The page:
In Good Health

The Colorado Health Foundation’s blog is designed to share perspectives, personal stories and what we are learning in our efforts to ensure that, across Colorado, each of us can say: “We have all we need to live healthy lives.”

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It’s day 28 of the longest standing partial shutdown of the federal government in U.S. history, and its impacts are hitting Coloradans hard. Of the many harsh realities rising to the surface is how the closure is making it harder for many Colorado families to keep health within reach.

Colorado is home to more than 220,000 Colorado families who are at risk of losing food benefits through the Supplemental Nutrition Assistance Program (SNAP). If the shutdown continues, the Colorado Department of Human Services anticipates additional strain on local food banks and social service agencies due to a spike in customers. And more than 15,000 furloughed federal workers missed a paycheck this last Friday as a result of the shutdown.

In the

Health Equity
Community Engagement

Many are familiar with the term “leaning in,” but we're talking about it as “living into” whatever we’re doing, especially with a new strategy that we are earnestly putting to test. So, as we closed out 2018 and collectively reflected on how the year went for us, we changed the frame and began talking about how we’ve been “living into” our commitment to equity across and within Colorado communities.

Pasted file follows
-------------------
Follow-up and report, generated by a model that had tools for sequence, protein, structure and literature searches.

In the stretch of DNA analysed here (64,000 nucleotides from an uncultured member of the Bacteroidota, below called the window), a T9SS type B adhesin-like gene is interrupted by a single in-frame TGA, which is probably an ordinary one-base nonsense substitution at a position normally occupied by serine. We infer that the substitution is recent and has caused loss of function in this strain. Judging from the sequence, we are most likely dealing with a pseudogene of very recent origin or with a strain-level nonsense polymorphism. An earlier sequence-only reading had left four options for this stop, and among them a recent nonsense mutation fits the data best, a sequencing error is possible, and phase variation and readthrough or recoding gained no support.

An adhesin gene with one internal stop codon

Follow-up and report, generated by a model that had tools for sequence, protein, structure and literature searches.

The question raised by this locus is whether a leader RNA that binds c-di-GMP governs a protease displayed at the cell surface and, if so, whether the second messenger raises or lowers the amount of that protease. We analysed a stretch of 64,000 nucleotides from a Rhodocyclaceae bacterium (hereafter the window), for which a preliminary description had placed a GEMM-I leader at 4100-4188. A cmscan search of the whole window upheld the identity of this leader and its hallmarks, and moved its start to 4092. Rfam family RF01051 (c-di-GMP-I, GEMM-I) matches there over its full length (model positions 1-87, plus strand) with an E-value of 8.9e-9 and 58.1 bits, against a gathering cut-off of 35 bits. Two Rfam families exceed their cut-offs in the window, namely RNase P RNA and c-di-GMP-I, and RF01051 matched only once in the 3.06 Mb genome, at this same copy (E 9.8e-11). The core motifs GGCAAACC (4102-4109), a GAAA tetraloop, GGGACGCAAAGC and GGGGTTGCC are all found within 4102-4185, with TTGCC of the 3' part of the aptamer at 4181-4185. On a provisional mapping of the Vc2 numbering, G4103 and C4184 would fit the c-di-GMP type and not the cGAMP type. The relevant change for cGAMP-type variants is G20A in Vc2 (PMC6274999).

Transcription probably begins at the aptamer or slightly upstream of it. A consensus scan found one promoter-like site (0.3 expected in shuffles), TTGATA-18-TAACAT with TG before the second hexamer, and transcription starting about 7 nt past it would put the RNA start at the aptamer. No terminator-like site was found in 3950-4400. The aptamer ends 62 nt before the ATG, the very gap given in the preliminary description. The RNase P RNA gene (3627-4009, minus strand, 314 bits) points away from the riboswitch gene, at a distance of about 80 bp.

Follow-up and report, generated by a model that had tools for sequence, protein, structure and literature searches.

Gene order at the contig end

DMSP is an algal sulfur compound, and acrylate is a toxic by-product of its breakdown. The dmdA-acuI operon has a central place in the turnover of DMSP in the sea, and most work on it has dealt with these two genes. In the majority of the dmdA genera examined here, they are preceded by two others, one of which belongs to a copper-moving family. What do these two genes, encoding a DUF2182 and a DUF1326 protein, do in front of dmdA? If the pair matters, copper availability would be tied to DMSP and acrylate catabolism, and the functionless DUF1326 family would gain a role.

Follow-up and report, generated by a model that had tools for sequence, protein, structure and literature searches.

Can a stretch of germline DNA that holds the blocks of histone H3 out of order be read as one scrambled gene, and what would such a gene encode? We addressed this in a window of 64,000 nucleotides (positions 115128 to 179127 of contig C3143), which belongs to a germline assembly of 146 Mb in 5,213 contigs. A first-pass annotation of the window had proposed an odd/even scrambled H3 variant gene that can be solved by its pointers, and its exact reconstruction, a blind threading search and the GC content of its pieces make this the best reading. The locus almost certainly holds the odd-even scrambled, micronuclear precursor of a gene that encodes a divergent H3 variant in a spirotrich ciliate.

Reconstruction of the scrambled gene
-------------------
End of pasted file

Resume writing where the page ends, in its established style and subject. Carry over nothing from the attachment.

I think I like it better, and I want to share our perspectives on it by reflecting on 2018 and forecasting what’s on the horizon for 2019. Living into the work we’ve committed to means we have to be intentional about how we approach implementing the Foundation’s mission and strategic framework. If

Karen McNeil-Miller
Foundation Evolution

At the Colorado Health Foundation, we believe policy advocacy is an important and effective tool for improving the health of Coloradans. This is because public policies enacted at the local, state and national level can have a substantial impact on the health of individuals, their families and their communities. There is much power in sharing Coloradans’ perspectives with policymakers so they, too, can recognize and act on the opportunities they have to support health across Colorado.

Our policy advocacy approach is informed by our cornerstones and commitment to serving Coloradans who are living on low income and have historically had less power or privilege. Throughout the year, we listen intently to the perspectives of those we exist to serve to



March for Our Lives.

Migrant children detained at our borders.

CHIP reauthorization.

In a year filled to the brim with news that has shaken us as a country and a culture, there are common threads to be found. In both increments and startling leaps, our youth, including kids in Colorado, have been disproportionately affected and mobilized by the political and social turbulence of these times.

From those who are most vulnerable – children of families with low income, whose health care hung in the balance for months with CHIP reauthorization – to those who have stepped forward with truly unbelievable determination and bravery after the Parkland shooting, our young people have gone from classrooms to center stage. In

Behavioral Health
Colorado Health Symposium
Healthy Schools
Nurture Healthy Minds